U-M PCAP 25th Anniversary Exhibition a Gift to Our Community 

By Laurie Wechter / WLAA

The University of Michigan’s Residential College is celebrating the Prisoner Creative Arts Project’s (PCAP) 25th annual Exhibition of Art by Michigan Prisoners. Due to COVID-19, it is being held online with excellent virtual tours. The exhibition is something positive at a time when we are searching for reasons to be optimistic.

“This year there are many new artists and artists who have exhibited for a few years and are achieving new levels of excellence. It is a continuous process that keeps the exhibit fresh and exciting,” says senior curator Janie Paul, who started the annual exhibition in 1996 with her husband and PCAP co-founder, Buzz Alexander.

The exhibition features great diversity in materials and subject matter. About 40 University of Michigan volunteers, led by Graham Hamilton, PCAP’s Arts Programming Coordinator, drove 3,800 miles to 26 prisons in the state in search of the best works of art created by prisoners. When selecting pieces for the show, these travelers looked for originality based on artistic vision.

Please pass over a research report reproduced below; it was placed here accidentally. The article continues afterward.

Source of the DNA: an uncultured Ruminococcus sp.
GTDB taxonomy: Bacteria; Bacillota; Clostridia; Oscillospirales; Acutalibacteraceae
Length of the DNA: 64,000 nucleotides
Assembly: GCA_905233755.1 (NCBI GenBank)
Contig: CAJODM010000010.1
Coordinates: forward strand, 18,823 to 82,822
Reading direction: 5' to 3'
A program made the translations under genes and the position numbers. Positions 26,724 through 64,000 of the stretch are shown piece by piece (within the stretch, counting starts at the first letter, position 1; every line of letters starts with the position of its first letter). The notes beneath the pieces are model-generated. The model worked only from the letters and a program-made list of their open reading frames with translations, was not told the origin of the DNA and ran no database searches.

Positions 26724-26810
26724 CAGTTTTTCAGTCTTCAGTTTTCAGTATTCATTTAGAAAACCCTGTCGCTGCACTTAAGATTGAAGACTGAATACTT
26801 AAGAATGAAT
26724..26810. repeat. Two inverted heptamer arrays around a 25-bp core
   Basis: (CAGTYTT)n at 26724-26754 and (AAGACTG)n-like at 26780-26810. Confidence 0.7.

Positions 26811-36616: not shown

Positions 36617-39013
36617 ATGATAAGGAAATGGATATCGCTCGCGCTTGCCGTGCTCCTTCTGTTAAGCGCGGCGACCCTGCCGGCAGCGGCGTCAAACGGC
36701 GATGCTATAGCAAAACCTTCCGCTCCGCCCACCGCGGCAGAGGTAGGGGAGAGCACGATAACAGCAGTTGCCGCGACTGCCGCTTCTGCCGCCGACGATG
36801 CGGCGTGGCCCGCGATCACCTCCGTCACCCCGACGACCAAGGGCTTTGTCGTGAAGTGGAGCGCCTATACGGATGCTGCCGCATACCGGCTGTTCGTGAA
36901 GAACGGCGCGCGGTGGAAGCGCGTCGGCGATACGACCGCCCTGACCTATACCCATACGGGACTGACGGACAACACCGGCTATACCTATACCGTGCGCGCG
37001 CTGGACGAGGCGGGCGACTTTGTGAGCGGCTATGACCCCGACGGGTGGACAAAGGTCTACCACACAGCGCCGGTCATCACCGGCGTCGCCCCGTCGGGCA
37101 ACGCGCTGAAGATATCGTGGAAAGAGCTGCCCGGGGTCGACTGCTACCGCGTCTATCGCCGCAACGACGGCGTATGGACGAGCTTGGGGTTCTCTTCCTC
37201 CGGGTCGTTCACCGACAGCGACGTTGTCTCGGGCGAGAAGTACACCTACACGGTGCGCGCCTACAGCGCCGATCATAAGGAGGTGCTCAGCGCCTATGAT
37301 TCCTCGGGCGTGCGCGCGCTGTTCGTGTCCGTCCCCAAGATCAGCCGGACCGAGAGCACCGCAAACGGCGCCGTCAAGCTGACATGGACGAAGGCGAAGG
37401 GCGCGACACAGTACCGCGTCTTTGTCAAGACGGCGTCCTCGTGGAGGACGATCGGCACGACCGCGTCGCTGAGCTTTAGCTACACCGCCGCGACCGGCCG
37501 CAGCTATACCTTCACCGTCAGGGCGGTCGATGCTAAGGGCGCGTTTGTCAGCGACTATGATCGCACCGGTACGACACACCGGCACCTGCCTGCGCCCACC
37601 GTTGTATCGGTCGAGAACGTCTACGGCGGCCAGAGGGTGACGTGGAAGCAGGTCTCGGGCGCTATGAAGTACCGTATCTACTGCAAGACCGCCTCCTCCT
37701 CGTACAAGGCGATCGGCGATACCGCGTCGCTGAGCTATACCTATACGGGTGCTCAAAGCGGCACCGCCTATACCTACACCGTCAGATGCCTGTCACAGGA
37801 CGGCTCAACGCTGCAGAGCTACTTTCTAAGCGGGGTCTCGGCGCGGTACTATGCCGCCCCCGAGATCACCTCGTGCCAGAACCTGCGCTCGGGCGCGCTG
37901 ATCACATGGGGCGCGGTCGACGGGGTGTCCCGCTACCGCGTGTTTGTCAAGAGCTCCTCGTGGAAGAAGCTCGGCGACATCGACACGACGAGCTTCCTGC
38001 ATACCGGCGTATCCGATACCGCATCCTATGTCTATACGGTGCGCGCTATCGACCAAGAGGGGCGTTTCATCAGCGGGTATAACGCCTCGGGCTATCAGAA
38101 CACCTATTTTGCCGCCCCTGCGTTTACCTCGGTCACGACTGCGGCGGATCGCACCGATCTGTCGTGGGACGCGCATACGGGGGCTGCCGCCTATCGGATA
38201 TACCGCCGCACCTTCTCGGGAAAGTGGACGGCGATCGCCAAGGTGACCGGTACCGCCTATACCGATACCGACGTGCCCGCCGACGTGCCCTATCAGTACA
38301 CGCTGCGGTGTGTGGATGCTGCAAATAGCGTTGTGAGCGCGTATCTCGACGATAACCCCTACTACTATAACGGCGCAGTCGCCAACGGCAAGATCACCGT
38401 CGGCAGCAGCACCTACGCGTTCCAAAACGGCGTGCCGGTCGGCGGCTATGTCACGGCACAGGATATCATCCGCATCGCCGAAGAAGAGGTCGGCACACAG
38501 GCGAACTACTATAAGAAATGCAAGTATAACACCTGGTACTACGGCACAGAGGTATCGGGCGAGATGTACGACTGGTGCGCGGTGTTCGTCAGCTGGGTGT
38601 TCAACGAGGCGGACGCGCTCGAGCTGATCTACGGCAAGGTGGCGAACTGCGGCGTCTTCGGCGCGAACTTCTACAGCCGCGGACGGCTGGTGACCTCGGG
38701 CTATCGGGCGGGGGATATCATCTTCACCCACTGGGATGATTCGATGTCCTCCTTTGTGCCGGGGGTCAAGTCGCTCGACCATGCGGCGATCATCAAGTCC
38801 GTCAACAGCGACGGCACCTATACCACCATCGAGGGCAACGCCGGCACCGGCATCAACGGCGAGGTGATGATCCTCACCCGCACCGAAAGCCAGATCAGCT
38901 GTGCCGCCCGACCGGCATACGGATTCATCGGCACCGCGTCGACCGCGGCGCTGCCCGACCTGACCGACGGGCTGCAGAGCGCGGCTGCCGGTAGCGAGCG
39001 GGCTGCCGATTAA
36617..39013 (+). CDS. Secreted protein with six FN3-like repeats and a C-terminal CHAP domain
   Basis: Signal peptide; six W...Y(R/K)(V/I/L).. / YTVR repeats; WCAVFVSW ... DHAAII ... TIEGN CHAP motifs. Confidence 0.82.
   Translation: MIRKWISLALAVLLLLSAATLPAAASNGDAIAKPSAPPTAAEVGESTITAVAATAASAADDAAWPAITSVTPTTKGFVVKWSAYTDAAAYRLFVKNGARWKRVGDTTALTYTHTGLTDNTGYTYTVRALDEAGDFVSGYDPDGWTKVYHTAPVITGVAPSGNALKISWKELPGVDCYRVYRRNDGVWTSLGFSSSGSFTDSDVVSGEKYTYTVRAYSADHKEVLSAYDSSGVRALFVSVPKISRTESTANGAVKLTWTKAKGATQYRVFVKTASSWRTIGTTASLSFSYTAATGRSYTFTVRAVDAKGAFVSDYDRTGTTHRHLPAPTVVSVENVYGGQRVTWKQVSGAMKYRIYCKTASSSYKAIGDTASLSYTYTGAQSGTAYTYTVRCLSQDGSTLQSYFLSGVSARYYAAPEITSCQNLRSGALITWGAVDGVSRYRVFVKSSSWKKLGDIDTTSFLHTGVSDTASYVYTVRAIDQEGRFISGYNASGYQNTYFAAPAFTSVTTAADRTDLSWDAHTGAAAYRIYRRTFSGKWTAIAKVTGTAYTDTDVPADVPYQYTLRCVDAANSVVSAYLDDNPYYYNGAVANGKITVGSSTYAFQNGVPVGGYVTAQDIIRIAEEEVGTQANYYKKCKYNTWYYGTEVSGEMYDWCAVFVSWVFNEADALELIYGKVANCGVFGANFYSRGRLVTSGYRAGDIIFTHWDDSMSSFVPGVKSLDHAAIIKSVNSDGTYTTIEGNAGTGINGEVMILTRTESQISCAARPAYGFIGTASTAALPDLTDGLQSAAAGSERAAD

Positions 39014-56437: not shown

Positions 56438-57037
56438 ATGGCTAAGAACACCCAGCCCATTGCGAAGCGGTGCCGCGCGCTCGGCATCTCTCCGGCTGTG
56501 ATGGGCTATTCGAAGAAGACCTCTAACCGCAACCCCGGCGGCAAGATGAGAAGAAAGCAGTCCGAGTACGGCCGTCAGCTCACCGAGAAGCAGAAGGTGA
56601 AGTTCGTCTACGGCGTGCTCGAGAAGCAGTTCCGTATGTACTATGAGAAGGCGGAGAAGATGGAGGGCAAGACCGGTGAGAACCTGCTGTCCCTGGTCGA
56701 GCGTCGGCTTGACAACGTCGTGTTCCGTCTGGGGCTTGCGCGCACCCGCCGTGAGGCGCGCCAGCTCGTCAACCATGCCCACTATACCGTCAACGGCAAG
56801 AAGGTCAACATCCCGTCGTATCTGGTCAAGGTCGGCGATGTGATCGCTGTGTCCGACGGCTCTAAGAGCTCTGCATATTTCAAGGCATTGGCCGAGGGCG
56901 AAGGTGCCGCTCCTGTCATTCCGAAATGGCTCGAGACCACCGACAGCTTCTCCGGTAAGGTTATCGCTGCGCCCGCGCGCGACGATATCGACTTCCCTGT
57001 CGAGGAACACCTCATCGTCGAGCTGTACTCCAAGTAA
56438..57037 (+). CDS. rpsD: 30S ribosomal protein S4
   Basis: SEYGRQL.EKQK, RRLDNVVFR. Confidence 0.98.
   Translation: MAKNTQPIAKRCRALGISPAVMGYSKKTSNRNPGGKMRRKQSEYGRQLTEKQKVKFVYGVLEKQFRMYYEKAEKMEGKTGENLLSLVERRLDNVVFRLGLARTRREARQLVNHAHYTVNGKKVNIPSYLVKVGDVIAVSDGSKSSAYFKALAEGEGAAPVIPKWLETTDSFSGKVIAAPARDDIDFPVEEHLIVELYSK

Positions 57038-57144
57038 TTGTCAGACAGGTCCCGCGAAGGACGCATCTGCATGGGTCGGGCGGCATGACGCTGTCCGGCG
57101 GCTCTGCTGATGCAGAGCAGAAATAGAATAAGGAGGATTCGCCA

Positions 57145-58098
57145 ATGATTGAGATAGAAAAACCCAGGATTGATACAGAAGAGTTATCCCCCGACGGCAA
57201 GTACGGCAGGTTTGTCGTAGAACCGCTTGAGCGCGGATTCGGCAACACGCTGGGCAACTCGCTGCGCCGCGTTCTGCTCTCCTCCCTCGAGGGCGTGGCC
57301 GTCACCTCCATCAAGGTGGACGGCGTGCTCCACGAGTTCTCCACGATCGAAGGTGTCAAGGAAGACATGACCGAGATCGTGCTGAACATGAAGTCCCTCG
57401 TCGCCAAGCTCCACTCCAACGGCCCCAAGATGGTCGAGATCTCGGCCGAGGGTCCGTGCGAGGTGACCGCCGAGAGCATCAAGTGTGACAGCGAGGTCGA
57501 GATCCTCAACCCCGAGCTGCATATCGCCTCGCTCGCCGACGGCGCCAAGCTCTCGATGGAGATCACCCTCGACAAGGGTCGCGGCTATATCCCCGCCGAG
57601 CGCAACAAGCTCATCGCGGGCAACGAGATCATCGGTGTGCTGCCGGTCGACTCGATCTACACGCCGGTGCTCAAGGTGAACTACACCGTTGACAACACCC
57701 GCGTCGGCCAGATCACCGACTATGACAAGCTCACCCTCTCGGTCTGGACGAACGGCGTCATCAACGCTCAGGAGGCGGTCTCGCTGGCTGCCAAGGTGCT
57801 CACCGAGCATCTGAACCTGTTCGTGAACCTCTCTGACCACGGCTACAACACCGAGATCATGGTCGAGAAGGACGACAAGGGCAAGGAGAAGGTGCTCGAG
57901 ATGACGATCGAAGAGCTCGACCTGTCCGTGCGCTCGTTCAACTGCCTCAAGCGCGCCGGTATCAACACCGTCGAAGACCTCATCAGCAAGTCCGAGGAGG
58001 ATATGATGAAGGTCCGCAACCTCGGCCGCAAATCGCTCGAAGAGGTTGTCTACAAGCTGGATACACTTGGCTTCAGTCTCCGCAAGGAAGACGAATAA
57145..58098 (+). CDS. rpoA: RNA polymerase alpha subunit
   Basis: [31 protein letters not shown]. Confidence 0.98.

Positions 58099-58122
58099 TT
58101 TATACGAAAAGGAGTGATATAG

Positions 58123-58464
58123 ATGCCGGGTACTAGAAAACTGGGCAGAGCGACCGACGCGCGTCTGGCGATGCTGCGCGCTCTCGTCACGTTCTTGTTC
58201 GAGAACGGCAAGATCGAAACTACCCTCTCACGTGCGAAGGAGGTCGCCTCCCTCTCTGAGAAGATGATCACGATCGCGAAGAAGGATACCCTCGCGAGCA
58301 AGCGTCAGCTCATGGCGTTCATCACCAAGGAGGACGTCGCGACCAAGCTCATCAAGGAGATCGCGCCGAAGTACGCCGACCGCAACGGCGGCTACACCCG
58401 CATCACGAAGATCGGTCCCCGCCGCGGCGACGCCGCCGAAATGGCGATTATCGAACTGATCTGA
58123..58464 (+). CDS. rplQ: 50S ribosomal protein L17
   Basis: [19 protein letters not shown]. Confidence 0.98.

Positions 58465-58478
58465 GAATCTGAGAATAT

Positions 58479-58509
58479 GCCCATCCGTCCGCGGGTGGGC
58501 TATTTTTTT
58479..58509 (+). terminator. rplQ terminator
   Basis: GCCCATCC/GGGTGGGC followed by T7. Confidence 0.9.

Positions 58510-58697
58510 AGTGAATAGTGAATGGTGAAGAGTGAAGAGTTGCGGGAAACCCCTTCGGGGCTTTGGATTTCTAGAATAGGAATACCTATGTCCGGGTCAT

As an artist and a social worker who worked 10 years inside prison environments, I have been aware of this program for many years and some of the best contemporary artists I have seen have been prisoners.

After viewing approximately 500 slides for this show, I am bedazzled, as ever, by the talent shown. Certain themes arise from the many depictions of home, open land and fantasy landscapes. They also surface in the great abundance of ferocious animals, skeletons, self-portraits with organs (particularly hearts issuing from their bodies), faces with a falling tear, devils, Jesus on the cross and voluptuous women and men.

Literally or more unconsciously, many pieces reflect dreams of peace, privacy, purity and freedom. Violent images reveal feelings of impotence and helplessness, but also beauty and freedom. Also common to many pieces is the juxtaposition of poor choices made in the past and opportunities for change in the future, representations of heaven and hell at war within the artist.

These themes are universal. At different times we are haunted by our own demons, privy to our goodness, feel we are helpless, deal with hard choices, know regret and feel like a victim. Prison artists have a lot of time to look at their lives and to portray what they learn and feel. These self-revelations can in some way speak to anyone.

The 25th  Annual Exhibition of Art by Michigan Prisoners is revelatory, powerful and meaningful to both the community at large and the incarcerated people who make these amazing pieces of art. Creating art transforms the artist not only through the making of beautiful works, but through a sense of self that can emerge through the thought, focus and soul-searching that making art demands. The LINK